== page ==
• DOH calls for local smoking ordinances

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    The Department of Health (DOH) is calling on local government units to create new ordinances or align existing ones to Executive Order 26 designating smoke-free areas in public and enclosed places nationwide.

    In a press briefing held at the DOH Media Relations Unit in Tayuman, Sta. Cruz, Manila on Friday, health department spokesperson Dr. Eric Tayag said Health Secretary Dr. Paulyn Ubial has assured that the department is ready to guide LGUs in creating ordinances that will match the implementing rules and regulations (IRR) of the executive order.

    Tayag said the IRR is expected to be completed on or before the 60th day after the signing of the EO.

    “The IRR will determine some guidelines not mentioned in the EO,” he said, noting that drawing up the IRR will involve public consultations to enlighten the public on the how the order will be carried out.

    The order prohibits smoking in enclosed public places and public conveyances, as well as selling and distributing tobacco products to minors, who are not allowed to smoke, sell, or buy cigarettes or other tobacco products.

    The EO bars anyone from ordering a minor to use, light up, buy, sell, distribute, deliver, advertise or promote tobacco products, a practice that is very common especially in rural areas.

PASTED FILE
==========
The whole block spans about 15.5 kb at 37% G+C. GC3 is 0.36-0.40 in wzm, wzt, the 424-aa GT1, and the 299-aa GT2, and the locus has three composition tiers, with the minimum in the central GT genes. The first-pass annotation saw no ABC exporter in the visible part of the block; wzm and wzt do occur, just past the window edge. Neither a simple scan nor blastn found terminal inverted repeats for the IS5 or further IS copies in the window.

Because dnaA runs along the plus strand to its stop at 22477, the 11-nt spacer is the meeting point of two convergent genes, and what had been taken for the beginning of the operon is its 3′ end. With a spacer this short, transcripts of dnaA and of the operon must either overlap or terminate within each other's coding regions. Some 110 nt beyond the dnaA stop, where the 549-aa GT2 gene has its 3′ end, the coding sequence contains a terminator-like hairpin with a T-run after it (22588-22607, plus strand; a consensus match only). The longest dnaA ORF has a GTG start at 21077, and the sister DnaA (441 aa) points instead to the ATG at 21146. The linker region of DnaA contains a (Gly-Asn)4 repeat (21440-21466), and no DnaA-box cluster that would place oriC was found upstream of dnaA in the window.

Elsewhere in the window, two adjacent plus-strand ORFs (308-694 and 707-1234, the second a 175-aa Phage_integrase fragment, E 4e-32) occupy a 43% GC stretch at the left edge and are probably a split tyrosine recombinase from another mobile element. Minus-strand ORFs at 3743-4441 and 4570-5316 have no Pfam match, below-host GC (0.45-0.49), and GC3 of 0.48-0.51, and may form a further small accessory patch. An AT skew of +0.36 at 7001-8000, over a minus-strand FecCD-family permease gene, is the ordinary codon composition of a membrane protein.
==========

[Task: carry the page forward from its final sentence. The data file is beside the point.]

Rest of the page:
It bans the sale and distribution of tobacco products, along with their ads and promotional materials, especially in schools, playgrounds, youth hostels, recreational facilities and other areas frequented by minors, or within a 100-meter radius of these places, a distance roughly equivalent to the length of three basketball courts.

    The order also prohibits the placement of tobacco ads outside point-of-sales stores.

    Tayag said that under the EO, only one designated smoking area will be allowed in a building.

    Under the local government code, LGUs have the responsibility to create ordinances and have the full power to implement them within the areas of their jurisdiction. These ordinances will determine the penalties to be imposed on offenders.

    Tayag said LGUs that already have ordinances on the ban on smoking in public places might need to amend them to follow the newly signed EO.

    According to Ubial, if properly implemented, the EO will help reduce the number of deaths from tobacco use, currently estimated at 87,000 per year.

    President Rodrigo Duterte on May 16 signed the executive order that was patterned after the ordinance he imposed in Davao City when he was still its mayor.

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